Farmers See Slight Edge in Soybean Acres Over Corn

Price Ratio Leans Toward Beans, But it’s Still Early

The relationship between expected fall harvest prices indicates Midwest farmers would make more money planting soybeans this year rather than corn, according to University of Illinois professor Gary Schnitkey.

During the first half of February, new-crop soybean futures averaged $13.01 a bushel and new-crop corn averaged $5.73 a bushel, a ratio of 2.27, Schnitkey wrote earlier this week on the farmdocDaily agricultural news site. That's higher than the 2.22 average for 2007-2012 for the soybean-to-corn ratio, a long-running market gauge of farmer planting intentions.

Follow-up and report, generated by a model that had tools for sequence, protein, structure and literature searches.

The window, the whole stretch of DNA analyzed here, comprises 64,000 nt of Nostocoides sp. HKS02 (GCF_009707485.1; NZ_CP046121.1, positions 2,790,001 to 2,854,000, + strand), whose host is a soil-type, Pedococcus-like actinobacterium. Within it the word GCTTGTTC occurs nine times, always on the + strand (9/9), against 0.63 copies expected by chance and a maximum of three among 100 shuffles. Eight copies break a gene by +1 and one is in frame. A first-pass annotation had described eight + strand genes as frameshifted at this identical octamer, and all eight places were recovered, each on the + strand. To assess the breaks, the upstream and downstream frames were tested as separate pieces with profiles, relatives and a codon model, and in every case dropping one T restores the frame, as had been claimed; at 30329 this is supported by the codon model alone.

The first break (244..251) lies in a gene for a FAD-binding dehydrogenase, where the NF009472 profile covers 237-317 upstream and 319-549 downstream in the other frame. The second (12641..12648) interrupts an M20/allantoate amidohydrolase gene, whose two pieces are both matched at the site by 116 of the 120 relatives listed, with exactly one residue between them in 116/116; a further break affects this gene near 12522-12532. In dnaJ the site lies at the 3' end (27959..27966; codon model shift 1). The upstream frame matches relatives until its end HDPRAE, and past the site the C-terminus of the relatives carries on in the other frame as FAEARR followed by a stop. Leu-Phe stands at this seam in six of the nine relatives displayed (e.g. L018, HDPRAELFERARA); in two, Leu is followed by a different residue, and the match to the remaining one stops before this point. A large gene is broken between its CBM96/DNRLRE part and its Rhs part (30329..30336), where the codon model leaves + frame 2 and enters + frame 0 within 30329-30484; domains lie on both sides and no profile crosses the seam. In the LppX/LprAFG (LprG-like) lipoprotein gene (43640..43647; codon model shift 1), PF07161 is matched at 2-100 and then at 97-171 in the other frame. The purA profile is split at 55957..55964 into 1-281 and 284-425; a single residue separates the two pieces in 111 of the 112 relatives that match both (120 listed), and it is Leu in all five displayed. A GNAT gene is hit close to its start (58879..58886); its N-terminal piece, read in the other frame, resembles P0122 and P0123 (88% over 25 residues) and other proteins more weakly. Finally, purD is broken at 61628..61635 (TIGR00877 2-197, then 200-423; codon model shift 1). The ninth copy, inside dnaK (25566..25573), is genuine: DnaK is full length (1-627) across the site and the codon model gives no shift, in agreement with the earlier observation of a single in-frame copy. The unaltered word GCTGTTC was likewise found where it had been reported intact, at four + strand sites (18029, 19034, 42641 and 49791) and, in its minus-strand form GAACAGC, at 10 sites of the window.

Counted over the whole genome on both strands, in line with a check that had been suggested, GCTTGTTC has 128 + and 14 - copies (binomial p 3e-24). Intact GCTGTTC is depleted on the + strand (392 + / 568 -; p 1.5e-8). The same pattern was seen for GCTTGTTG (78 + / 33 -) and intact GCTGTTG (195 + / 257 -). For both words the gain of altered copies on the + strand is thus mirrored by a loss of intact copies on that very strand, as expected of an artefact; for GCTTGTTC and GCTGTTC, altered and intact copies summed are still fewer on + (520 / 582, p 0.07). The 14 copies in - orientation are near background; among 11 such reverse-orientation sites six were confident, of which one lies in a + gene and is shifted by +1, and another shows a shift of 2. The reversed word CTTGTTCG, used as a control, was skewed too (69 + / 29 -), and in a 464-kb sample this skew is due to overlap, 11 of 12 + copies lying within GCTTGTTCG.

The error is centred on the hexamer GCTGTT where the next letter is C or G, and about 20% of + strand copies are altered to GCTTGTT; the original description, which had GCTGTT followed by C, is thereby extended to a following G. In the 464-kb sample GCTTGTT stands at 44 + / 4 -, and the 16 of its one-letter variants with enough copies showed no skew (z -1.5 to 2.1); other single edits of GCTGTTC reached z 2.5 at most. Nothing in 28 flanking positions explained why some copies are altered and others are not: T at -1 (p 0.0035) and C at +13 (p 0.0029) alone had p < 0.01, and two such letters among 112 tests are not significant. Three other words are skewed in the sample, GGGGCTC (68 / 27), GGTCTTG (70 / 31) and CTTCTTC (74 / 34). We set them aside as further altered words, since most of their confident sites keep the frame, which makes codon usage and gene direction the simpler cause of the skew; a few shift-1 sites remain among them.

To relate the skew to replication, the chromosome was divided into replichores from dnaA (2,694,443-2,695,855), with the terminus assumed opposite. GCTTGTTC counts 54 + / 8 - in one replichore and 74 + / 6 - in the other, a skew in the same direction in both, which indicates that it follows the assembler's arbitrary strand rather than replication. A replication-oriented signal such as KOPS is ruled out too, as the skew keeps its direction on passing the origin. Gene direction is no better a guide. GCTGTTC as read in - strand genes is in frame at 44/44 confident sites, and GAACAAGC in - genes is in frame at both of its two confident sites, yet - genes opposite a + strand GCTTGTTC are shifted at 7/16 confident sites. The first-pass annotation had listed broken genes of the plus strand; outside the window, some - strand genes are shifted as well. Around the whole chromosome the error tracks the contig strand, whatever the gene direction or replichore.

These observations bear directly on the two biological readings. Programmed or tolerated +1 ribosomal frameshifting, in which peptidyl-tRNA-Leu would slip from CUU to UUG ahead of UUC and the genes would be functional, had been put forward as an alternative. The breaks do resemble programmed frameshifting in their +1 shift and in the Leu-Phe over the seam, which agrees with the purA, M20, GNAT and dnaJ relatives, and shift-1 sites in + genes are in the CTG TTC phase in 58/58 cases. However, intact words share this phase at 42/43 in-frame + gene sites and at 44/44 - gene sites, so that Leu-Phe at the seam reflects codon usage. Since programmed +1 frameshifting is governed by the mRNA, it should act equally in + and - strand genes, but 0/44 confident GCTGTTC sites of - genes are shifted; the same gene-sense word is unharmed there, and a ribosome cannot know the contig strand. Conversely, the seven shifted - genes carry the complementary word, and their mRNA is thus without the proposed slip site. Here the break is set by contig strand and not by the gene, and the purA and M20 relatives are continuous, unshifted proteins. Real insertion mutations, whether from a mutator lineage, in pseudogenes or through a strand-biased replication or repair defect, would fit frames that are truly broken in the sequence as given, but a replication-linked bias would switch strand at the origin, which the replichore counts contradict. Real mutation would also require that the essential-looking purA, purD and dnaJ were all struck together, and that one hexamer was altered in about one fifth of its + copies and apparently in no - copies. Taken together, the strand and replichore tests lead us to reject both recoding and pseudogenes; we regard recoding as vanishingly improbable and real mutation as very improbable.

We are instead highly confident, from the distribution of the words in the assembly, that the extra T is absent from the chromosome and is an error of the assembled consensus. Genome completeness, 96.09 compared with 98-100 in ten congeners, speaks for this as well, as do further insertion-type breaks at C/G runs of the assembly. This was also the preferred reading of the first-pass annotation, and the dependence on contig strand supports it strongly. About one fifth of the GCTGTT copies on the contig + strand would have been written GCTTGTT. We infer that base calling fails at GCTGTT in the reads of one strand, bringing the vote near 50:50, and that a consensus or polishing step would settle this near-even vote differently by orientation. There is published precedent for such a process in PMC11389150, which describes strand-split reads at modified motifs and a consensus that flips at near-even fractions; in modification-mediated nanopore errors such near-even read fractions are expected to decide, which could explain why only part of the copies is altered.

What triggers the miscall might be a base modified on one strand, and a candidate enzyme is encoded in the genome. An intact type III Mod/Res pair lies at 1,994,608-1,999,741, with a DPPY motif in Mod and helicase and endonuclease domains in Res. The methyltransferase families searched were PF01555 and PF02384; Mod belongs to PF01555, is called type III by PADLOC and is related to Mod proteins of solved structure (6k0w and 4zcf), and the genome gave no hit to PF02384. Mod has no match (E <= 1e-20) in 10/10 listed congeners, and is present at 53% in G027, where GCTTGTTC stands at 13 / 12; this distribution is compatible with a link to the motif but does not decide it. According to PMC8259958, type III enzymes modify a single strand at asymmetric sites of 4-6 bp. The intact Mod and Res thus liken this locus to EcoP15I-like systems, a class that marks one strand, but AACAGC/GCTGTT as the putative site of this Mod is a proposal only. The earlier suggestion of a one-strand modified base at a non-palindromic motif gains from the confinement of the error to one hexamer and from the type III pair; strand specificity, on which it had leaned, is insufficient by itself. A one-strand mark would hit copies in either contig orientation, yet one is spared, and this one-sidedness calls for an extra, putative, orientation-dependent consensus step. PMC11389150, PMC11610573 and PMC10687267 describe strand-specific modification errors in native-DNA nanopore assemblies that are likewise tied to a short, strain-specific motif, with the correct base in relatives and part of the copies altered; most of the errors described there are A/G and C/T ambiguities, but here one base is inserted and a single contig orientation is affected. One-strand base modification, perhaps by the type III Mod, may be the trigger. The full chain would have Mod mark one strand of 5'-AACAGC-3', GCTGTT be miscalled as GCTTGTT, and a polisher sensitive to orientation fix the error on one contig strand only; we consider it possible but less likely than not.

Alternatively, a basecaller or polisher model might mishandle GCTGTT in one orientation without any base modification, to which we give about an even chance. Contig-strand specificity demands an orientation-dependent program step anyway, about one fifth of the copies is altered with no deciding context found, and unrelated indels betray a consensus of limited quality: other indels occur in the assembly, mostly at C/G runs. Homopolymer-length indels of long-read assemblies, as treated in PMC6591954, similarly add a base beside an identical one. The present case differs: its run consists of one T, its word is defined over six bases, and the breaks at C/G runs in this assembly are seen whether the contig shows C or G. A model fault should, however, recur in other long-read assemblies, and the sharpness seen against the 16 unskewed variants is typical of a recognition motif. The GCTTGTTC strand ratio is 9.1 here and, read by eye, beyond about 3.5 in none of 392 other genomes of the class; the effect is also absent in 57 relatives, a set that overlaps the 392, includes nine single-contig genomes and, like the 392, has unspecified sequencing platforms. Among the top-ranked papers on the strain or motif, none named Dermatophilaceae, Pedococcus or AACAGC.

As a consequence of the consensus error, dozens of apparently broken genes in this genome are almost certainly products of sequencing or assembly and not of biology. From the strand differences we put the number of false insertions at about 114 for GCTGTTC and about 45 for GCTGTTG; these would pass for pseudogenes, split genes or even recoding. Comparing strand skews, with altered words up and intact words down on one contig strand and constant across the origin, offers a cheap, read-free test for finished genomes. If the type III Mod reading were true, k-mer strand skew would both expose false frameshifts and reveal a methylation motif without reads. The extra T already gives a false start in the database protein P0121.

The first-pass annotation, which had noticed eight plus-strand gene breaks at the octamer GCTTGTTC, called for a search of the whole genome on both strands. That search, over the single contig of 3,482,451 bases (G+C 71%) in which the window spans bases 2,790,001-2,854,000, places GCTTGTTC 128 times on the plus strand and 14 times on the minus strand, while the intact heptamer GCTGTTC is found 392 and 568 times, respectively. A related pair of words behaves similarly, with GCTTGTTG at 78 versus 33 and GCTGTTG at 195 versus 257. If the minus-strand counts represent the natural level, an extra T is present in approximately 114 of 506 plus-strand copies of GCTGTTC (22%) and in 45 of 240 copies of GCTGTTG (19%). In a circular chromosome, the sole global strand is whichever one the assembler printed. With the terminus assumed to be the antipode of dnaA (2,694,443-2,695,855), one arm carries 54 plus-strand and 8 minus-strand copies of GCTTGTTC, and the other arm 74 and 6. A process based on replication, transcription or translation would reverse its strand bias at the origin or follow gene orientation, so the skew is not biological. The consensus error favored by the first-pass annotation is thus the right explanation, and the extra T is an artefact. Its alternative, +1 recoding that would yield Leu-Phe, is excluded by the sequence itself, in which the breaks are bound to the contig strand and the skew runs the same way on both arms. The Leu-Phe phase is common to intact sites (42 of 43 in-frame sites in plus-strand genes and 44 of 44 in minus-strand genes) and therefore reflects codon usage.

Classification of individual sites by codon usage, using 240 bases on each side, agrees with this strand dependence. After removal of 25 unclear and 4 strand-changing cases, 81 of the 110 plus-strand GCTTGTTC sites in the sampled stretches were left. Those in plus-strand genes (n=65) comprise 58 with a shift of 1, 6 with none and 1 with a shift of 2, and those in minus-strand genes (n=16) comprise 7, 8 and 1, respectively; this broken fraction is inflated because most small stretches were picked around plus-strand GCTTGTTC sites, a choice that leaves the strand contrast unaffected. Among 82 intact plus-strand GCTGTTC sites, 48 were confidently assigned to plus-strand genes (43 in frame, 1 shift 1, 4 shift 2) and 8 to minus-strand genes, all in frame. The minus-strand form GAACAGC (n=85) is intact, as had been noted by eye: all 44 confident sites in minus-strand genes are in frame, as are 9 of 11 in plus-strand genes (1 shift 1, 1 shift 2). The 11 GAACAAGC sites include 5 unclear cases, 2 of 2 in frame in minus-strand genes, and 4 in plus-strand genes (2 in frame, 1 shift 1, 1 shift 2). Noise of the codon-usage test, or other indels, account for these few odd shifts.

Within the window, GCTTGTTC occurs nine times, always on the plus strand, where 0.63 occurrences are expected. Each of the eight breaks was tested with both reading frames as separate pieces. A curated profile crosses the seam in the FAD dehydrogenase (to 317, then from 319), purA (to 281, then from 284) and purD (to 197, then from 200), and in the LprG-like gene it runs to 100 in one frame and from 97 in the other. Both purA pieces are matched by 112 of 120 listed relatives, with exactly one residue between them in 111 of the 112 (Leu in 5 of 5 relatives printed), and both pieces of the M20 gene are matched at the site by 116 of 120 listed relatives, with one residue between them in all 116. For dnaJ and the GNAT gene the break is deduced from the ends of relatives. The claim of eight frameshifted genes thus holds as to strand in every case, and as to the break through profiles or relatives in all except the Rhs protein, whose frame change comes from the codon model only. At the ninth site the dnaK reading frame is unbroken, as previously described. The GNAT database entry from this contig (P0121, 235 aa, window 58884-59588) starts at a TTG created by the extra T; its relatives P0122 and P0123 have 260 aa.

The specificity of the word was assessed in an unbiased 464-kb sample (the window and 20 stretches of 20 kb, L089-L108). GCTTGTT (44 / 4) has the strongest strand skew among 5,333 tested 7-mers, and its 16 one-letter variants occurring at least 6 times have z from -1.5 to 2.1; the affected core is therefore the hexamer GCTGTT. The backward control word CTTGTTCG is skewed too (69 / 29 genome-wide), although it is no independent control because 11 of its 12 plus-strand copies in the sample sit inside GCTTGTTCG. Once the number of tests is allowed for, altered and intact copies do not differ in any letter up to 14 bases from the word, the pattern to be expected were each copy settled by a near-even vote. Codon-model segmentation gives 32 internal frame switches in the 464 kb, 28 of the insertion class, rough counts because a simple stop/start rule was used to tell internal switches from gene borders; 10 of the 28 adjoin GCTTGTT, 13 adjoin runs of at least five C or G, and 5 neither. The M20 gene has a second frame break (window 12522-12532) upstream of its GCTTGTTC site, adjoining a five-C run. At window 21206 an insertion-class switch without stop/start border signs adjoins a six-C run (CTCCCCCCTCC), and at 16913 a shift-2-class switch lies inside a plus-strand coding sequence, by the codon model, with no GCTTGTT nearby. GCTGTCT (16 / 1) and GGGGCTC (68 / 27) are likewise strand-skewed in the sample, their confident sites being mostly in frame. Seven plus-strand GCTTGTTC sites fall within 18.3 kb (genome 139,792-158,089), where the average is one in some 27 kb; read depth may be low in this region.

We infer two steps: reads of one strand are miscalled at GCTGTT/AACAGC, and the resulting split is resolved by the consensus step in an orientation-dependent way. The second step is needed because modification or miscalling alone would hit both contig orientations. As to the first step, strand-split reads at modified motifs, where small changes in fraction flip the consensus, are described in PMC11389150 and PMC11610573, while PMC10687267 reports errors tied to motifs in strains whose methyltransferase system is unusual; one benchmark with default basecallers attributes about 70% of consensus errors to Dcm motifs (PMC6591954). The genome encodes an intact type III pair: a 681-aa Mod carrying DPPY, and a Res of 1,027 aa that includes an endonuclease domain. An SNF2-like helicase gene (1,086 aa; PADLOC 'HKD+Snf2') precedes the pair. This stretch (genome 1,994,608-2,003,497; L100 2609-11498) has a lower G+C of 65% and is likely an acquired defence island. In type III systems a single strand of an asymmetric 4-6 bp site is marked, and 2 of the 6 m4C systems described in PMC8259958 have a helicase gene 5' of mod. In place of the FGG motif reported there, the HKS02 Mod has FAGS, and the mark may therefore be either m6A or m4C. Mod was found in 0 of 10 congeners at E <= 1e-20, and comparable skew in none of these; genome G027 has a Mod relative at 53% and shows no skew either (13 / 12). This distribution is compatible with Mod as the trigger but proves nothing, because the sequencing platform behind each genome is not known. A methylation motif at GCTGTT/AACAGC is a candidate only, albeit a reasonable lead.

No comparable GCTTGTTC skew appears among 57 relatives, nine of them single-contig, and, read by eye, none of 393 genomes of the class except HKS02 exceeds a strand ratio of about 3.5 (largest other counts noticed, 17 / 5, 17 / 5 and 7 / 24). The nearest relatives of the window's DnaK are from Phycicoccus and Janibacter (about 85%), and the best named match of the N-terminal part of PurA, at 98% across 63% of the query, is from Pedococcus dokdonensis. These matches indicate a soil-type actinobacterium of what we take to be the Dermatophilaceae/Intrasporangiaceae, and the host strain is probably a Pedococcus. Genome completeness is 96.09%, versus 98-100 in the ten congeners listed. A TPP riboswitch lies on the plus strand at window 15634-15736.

Based on the recent ratio, 2013 prices "slightly favor soybean production," Schnitkey said. "Higher soybean-to-corn price ratios tend to indicate that soybeans are more profitable to plant than corn, and vice versa." Still, while large corn plantings are expected this spring, "it will remain to be seen" if that actually happens.

"These projected prices will have large impacts on risks farmers face during 2013," Schnitkey added. On February 20, CME Group November soybean futures and December corn futures settled at $12.87 and $5.61 ½, respectively, for a ratio of 2.29.

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